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Nicolai Gedda in Opera
CD 1
Georges BIZET (1838 – 1875)

Les Pêcheurs de Perles
1. Je crois entendre encore [3:35]
Charles GOUNOD (1818 – 1893)

Mireille
2. Le ciel rayonne … est-elle jeune et belle? [8:17]
3. Mon Coeur est plein … ah! La voici! C’est elle! [13:33]
Roméo et Juliette
4. L’amour! L’amour! … Ah! Lève-toi, soleil! [4:41]
Faust
5. Salut! Demeure chaste et pure [5:40]
6. Il était temps … Il se fait tard [15:09]
7. Va-t-en! … Mon Coeur est pénétré … Alerte! [13:34]
Jules MASSENET (1842 – 1912)

Manon
8. Instant charmant … En ferment les yeux [3:21]
Werther
9. Pourquoi me réveiller [2:54]
François AUBER (1782 – 1871)

La muette de Portici
10. Du pauvre seul ami fidèle [4:32]
CD 2
Modest MUSSORGSKY (1839 – 1881)

Boris Godunov
1. Polish scene, duet Dmitri and Marina [17:53]
Mikhail GLINKA (1804 – 1857)

Ruslan I Lyudmila
2. Excerpt from Introduction Act I [4:39]
Pyotr TCHAIKOVSKY (1840 – 1893)

Eugene Onegin
3. Faint echo of my youth [6:21]
Friedrich von FLOTOW (1812 – 1883)

Martha
4. Ach, so fromm [3:26]
Gaetano DONIZETTI (1797 – 1848)

5. Una furtiva lagrima [4:03]
La favorita
6. Favorita del Re! … Spirto gentil [5:22]
Giuseppe VERDI (1813 – 1901)

Rigoletto
7. Ella mi fu rapita! … Parmi veder le lagrime [5:03]
Amilcare PONCHIELLI (1834 – 1886)

La Gioconda
8. Cielo e mar! [4:40]
Francesco CILEA (1866 – 1950)

L’Arlesiana
9. E la solita storia [4:24]
Franz LEHÁR (1870 – 1948)

Die lustige Witwe
10. Mein Freund, Vernuft … Wie eine Rosenknospe [6:17]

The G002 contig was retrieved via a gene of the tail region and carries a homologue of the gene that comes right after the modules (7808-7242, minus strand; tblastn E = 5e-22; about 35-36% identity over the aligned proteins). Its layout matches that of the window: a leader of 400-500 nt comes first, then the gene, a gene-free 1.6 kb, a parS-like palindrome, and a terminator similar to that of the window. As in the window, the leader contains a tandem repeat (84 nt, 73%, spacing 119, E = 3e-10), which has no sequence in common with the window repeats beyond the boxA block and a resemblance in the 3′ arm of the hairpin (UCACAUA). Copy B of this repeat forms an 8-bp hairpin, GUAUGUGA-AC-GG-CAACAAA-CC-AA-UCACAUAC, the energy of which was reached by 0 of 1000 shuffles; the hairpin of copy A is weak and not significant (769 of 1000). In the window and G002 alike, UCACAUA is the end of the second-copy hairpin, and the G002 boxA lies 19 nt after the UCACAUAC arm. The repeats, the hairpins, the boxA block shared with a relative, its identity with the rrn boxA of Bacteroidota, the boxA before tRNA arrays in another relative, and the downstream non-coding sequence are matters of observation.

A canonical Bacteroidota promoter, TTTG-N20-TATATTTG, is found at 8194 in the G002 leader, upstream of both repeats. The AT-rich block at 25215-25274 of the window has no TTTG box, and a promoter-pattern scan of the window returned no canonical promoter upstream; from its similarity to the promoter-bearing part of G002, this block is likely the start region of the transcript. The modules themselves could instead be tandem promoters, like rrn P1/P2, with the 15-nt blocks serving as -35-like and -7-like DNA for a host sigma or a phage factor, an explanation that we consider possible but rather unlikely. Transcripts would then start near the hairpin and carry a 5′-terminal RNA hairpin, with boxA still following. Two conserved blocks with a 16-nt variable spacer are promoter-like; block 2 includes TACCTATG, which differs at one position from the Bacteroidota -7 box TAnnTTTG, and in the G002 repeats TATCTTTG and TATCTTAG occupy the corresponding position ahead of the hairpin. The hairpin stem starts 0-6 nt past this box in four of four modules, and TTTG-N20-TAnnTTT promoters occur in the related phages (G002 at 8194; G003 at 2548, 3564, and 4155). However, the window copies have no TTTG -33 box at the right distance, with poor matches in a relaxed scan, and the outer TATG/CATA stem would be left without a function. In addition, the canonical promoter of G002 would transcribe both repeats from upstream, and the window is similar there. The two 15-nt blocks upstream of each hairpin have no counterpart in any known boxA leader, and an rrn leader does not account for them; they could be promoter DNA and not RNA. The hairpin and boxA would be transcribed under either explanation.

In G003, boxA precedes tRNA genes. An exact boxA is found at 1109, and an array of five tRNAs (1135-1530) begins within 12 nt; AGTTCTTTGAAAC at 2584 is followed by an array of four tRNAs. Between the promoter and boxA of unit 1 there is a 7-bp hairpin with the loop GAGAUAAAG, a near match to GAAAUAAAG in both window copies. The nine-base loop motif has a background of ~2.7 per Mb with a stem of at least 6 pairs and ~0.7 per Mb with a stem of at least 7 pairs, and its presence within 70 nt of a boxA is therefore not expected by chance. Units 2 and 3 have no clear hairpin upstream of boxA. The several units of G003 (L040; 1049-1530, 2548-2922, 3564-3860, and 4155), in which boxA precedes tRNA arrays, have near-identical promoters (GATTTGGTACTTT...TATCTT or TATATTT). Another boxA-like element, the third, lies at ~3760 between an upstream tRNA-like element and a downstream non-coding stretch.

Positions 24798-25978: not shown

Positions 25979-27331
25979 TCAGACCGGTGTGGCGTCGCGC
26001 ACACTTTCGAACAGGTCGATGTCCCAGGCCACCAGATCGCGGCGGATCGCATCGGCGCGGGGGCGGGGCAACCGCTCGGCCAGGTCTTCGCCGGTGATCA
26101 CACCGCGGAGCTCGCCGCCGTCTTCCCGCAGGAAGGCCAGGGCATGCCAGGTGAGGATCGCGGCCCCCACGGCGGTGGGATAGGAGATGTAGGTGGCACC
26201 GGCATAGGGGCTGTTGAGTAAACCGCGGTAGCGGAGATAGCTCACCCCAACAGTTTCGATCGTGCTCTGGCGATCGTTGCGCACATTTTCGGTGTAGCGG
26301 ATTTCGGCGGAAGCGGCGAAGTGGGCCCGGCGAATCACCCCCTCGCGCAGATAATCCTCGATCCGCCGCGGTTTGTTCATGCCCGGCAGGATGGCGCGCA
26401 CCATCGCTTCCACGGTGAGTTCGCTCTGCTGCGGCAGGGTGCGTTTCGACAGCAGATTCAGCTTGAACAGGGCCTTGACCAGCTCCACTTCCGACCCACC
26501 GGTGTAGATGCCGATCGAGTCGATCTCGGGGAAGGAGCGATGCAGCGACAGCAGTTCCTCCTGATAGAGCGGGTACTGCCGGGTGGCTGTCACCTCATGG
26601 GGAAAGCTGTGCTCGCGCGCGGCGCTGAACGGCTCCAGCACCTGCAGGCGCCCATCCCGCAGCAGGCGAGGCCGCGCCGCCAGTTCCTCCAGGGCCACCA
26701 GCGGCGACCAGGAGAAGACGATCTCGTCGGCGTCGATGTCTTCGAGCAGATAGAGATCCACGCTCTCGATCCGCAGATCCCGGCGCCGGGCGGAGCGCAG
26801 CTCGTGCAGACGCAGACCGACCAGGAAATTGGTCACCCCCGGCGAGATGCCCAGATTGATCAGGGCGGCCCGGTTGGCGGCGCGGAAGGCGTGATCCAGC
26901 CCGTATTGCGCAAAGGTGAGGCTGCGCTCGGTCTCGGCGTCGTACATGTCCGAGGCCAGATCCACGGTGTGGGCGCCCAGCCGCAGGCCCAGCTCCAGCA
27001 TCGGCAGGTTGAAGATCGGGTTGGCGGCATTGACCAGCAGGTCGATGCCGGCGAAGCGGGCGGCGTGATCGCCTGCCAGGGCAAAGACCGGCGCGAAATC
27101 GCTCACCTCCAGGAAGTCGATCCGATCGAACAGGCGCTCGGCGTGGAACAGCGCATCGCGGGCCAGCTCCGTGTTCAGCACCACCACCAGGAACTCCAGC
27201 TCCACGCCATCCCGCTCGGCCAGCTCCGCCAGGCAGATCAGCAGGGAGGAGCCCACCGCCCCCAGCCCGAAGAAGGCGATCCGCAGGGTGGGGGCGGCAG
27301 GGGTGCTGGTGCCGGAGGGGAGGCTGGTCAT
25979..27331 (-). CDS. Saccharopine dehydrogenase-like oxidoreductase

Das Land des Lächelns
11. Immer nur lächeln [4:31]
12. Dein ist mein ganzes Herz [3:34]
Nicolai Gedda (tenor)
Janette Vivalda (soprano)(CD 1 trs. 2, 3); Madeleine Ignal (mezzo), André Vessieres (baritone)(CD 1 tr 3); Victoria de los Angeles (soprano), Boris Christoff (bass)(CD 1 trs. 6, 7); Eugenia Zareska (mezzo)(CD 2 tr. 1); Janine Micheau (soprano), Rita Gorr (mezzo), Pierre Fromenty (baritone), Xavier Depraz (bass)(CD 2 tr 2); Emmy Loose (soprano) (CD 2 tr. 10); Philharmonia Orchestra/Alceo Galliera (CD 1 tr. 1, 4, 8-10, CD 2 tr. 3-9), Otto Ackermann (CD 2 tr. 10-12); Orchestre de la Societé des Concerts du Conservatoire/André Cluytens (CD 1 tr. 2, 3); Orchestre du Thêatre National de l’Opera/André Cluytens (CD 1 tr. 5-7), Louis Fourestier (CD 2 tr. 2); Orchestre National de la Radiodiffusion Française/Issay Dobrowen (CD 2 tr. 1)
rec. CD 1: tr. 1, 4, 8-10 April 1953, tr. 2-3 July 1954; CD 2: tr. 1 July 1952, tr. 2 June 1957, tr. 3-9 April 1953, tr. 10-12 November 1952

NIMBUS PRIMA VOCE NI 7943/44 [75:16 + 70:13]
Experience Classicsonline



This is an admirable 2 CD selection of Nicolai Gedda’s recordings from the mid 1950s; Nimbus have transferred the items from the original LPs. Regis issued a similar recital in 2005, but restricted to 1 CD, but in his Gramophone review John Steane was critical of the transfers. This new set from has the advantage of being more expansive and has fine transfers done by Nimbus.

The selection enables us to hear Gedda when he was at his freshest, combined with his strongly developed musical intelligence. Gedda did not have the most beautiful tenor voice of his generation, but he knew how to use it. This is shown in the opening item, Je crois entendre encore from Les Pecheurs de Perles, where Gedda combines a beautiful legato with a finely inflected vocal line to give us an aria that we never want to end. Judging by this disc he seems to have been at his best in quiet lyrical pieces. His account of Du pauvre seul ami fidele from La Muette de Portici is softly beautiful.